Re/making The Street  

Introduction

“ In a city the street must be supreme. It is the first institution of the city. The street is a room by agreement, a community room, the walls of which belong to the donors, dedicated to the city for common use. Its ceiling is the sky.”  Louis Kahn

This exhibition looks at what is involved in making a city street a good place. It is a complex subject in which the challenges keep shifting. In this city the issues include rapid population growth, the declining fabric of much large-scale post-war housing, the difficulties of providing low-cost housing in high-cost areas, infrastructure shortfalls, along with a rising concern about environmental factors.

At the centre of our investigation we look closely at a street being reborn right now — Bonchurch Road in North Kensington. It is part of what will be a decade-long project by Catalyst to remake the Wornington Green Estate into the Portobello Square neighbourhood. Here we see in microcosm the challenges that face many areas in Britain and further afield — estate regeneration, mixing rented social housing and new private housing, increasing density, responding to the warp and weft of historic plan and design in order to create a sense of place. These issues become the key themes to explore and structure this exhibition.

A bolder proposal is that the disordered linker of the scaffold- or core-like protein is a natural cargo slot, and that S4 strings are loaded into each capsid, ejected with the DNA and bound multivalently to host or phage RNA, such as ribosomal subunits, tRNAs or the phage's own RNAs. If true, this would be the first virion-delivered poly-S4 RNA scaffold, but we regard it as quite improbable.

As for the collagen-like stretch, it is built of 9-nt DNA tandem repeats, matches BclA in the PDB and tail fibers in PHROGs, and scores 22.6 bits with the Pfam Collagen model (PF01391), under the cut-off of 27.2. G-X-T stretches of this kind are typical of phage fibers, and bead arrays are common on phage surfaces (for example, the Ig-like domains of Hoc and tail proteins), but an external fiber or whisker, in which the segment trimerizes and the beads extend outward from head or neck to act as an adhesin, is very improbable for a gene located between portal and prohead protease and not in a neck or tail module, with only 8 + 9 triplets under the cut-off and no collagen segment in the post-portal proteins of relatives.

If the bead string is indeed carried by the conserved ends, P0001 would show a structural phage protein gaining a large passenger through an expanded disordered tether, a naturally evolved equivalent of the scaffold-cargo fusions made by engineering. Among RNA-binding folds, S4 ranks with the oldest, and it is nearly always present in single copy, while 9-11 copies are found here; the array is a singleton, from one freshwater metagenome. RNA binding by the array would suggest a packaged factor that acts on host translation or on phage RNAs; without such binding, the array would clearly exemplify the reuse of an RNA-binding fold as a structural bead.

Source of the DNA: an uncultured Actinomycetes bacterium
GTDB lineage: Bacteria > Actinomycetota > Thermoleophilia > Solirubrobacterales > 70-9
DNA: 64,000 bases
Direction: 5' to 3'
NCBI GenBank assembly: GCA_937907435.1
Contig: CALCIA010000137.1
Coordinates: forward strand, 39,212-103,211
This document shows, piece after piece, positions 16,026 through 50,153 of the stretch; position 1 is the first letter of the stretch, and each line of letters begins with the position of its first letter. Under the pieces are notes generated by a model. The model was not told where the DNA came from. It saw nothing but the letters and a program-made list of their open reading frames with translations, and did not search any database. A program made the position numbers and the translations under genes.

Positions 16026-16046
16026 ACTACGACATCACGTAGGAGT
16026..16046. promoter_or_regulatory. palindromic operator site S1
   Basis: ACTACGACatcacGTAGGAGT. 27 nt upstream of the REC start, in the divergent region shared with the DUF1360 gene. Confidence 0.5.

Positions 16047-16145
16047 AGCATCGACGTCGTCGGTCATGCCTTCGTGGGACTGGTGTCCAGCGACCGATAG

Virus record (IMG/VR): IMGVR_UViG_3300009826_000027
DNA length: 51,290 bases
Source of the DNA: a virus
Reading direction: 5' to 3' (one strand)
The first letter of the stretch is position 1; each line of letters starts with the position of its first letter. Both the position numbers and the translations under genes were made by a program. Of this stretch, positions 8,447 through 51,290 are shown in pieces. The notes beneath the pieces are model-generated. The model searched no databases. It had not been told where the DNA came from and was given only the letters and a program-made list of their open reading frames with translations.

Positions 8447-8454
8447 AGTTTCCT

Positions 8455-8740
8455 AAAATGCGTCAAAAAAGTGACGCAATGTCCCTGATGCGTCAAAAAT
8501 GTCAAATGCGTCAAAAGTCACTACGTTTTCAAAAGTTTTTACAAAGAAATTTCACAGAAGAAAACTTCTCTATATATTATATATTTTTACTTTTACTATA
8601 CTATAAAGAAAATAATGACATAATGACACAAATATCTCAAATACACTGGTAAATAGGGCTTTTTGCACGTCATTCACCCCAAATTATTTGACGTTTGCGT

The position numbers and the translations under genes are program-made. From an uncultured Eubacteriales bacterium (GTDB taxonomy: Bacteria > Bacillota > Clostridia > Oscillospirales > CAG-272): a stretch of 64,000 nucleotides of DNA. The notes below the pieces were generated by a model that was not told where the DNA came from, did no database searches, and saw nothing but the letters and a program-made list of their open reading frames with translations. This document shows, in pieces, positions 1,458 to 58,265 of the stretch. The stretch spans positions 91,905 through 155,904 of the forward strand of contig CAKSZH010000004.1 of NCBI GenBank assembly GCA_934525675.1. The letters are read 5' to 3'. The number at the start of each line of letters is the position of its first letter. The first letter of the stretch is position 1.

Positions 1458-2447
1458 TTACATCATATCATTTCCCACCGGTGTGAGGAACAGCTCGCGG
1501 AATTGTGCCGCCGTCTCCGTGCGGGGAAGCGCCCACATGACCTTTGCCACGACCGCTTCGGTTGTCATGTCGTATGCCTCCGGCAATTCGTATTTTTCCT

Bonchurch Road sits almost in the shadow of Trellick Tower, the controversial Erno Goldfinger designed tower block that epitomises an earlier vision of an ideal for urban living, but which still attracts new supporters as well as detractors.

In the other direction, the housing stock is a neighbourhood of increasingly desirable Victorian terraces (the Prime Minister’s former home is but a short walk away).

Such buildings were once typical of the rotting slums on the site that needed to be replaced. In the 1970s clearance, a large part of Bonchurch Road itself disappeared, becoming the edge of a small park which formed part of a dead-end street structure. Now the street is restored, the park will be upgraded, through routes are revived, and new forms and combinations of homes are created. We apply new aspirations and new learning to how the city can function.

Our key themes to explore are density, mixed tenure, public realm and streetscape, and estate regeneration.

Read the exhibition in any sequence: like a good street, you are free to move in several directions.

Please check out the extensive free talks programme and join in the discussion #remakingstreets